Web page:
Humanity is under siege, simultaneous attacks of unknown origin against government leaders around the world have shaken society to its core. Foundations such as democracy, rule of law, and long-held alliances will be tested in this stark new reality. This story follows America on its path to take on this never-before-seen global calamity. Beginning with deciding how to rapidly address the vacuum of power to be ready to take action and also bring the culprits responsible for the heinous attacks to justice. The task may be insurmountable as the responsible party possesses unheard of technology, implying the events are otherworldly.
It’s felt like the end of days for a while now… and while we’d all like to hope the cycle rebirths us into a kinder new world, the literature just doesn’t support that. By that, I mean, horror literature (in particular when it crosses over with science fiction) just won’t allow the future to be anything but bleak. If you don’t believe me, you’ve come to the right place. You’re in The Fright Stuff, Book Riot’s weekly horror newsletter about the latest and greatest in horror. I’m Mary Kay McBrayer, and I’ll be your Virgil through this realm of hell, dystopias and worst case scenarios.
Earworm: “Sleeping In” by The Postal Service: “Again last night I had that strange dream / where everything was exactly as it seemed. / No concerns about the world getting warmer. / People thought that they were just being rewarded / for treating people as they’d like to be treated, / obeying stop signs, and curing diseases. / For mailing letters with the address of the sender, / now we can swim any day in November.”
Blue Ticket by Sophie Mackintosh
In this dystopia, on the day of your first period, women are assigned tickets to determine whether they will get marriage and children (a white ticket) or a career and freedom (a blue ticket). “You are relieved of the terrible burden of choice.” Calla, who received a blue ticket, starts questioning that assignment when she becomes pregnant, and she has to go on the run while considering if “the lottery knows her better than she knows herself.”
Killers Keep Secrets: The Golden State Killer’s Other Life by James Huddle
Joseph D’Angelo has been arrested, we know, but do you want to know more about his family life? This work of nonfiction is told by someone who knew him IRL, his brother-in-law. (Think of it as the Golden State Killer’s Extremely Wicked, Shocking and Vile Bundy equivalent.) It may not be a dystopia per se, but finding out decades later that one of your family members raped and killed tons of people? WORST CASE SCENARIO.
Survivor Song by Paul Tremblay
This new release from acclaimed horror author Paul Tremblay tells the story of a pregnant couple at the start of a super-rabies epidemic in New England as Natalie and her best friend Dr. Ramola race to get the baby delivered before Natalie succumbs to infection. It’s a true stress-inducing horror story.
Lakewood by Megan Giddings
Everyone is loving this novel–so much so that most online booksellers have it on back order. Described as a combination of The Handmaid’s Tale and The Immortal Life of Henrietta Lacks, this medical dystopia follows Lena Johnson as she undergoes medical experimentation in order to pay off her family’s debts.
Cryptkeepers (FKA horror from the backlist):
Kindred by Octavia Butler
It’s a classic, and you’ve likely already heard of it, but it’s such a page turner that I had to mention it here. Though some consider dystopia to happen only in the future, when Dana, a Black woman living in 1970s California, gets sucked back in time and place to the antebellum south… well, I’ve never understood why ANYONE would want to travel back in time. I mean, even though times are tough right now, this is nothing compared to the atrocities of, for example, slavery. Anyway, time traveling horror dystopia coming up hot!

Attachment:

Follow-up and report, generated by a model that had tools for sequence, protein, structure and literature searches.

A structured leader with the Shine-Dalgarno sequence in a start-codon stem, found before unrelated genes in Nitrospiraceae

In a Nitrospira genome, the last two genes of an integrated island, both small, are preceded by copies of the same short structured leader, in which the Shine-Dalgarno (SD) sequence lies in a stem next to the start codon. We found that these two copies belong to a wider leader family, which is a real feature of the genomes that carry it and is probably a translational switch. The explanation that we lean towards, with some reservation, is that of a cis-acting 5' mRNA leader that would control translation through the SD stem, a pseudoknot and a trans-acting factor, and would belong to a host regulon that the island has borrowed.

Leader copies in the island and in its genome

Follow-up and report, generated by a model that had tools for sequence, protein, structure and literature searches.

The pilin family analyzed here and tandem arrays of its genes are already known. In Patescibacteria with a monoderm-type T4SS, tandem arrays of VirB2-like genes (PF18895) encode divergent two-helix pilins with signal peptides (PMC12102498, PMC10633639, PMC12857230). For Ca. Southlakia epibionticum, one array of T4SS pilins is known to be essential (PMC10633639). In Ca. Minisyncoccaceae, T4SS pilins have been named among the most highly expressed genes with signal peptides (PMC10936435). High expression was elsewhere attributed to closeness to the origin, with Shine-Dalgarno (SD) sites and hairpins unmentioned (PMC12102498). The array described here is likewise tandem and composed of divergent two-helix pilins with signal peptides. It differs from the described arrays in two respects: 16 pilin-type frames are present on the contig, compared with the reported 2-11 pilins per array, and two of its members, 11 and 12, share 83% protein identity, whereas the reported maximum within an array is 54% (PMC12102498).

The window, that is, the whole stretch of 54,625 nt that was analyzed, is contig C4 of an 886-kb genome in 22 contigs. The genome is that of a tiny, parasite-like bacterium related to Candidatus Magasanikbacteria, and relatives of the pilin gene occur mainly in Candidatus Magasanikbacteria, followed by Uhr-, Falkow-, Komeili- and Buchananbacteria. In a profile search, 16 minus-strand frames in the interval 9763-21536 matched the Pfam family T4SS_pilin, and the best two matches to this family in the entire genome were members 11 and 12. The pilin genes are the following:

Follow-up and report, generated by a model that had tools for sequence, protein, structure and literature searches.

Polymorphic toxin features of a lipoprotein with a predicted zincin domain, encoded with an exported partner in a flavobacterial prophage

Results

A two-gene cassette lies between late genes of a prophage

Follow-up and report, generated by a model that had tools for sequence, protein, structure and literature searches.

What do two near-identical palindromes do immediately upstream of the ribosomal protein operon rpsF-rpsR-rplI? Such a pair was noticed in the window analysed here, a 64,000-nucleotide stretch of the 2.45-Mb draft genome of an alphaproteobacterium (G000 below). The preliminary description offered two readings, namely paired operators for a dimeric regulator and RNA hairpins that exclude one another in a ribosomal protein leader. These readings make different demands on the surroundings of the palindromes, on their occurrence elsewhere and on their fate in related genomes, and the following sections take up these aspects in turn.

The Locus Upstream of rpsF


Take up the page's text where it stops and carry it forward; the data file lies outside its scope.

Paradise by Toni Morrison
The unsung hero of Morrison’s novels, this one shows what happens when refugee women settle outside of town, in a decadent edifice known as “the Convent.” The townsfolk see them as a threat, and I’m not spoiling anything when I say the book opens on a multiple murder crime scene.
Harbingers (FKA news):
HBO’s Lovecraft Country finally gets its August premiere date.
Want to learn more about the women authors behind Alfred Hitchcock’s films? Here’s how reading Patricia Highsmith and Daphne Du Maurier changed one reader’s understanding of the Master of Suspense.
Ottessa Moshfegh, author of My Year of Rest and Relaxation, Homesick for Another World, and Eileen, talks in-depth and reads from her latest novel of haunting, metaphysical suspense, Death In Her Hands, about an elderly widow whose life is upturned when she finds a cryptic note on a walk in the woods.
Perched above the Yoshino River in Japan’s Iya Valley is a small museum that tells the history of the many monsters, demons, and spirits that inhabit the region.
Want to hear a brief history of queer women detectives in crime fiction? Uh, of course you do.
A miniature fairy village lies nearly forgotten in the forest by the side of a major highway in Waterbury, CT… and if you don’t know why fairies=horror, go ahead on and pick up The Cooper’s Wife is Missing: The Trials of Bridget Cleary by Joan Hoff.
Want to know why in England, coroners decide what is treasure and what is not? “It’s a bizarre holdover from a previous age.”
According to the A.V. Club, The Chilling Adventures of Sabrina, “the supernatural Archie-verse series, will wrap up later this year, when Netflix airs the fourth season (part, whatever) of the well-received mixer of teen angst and immortal stakes.”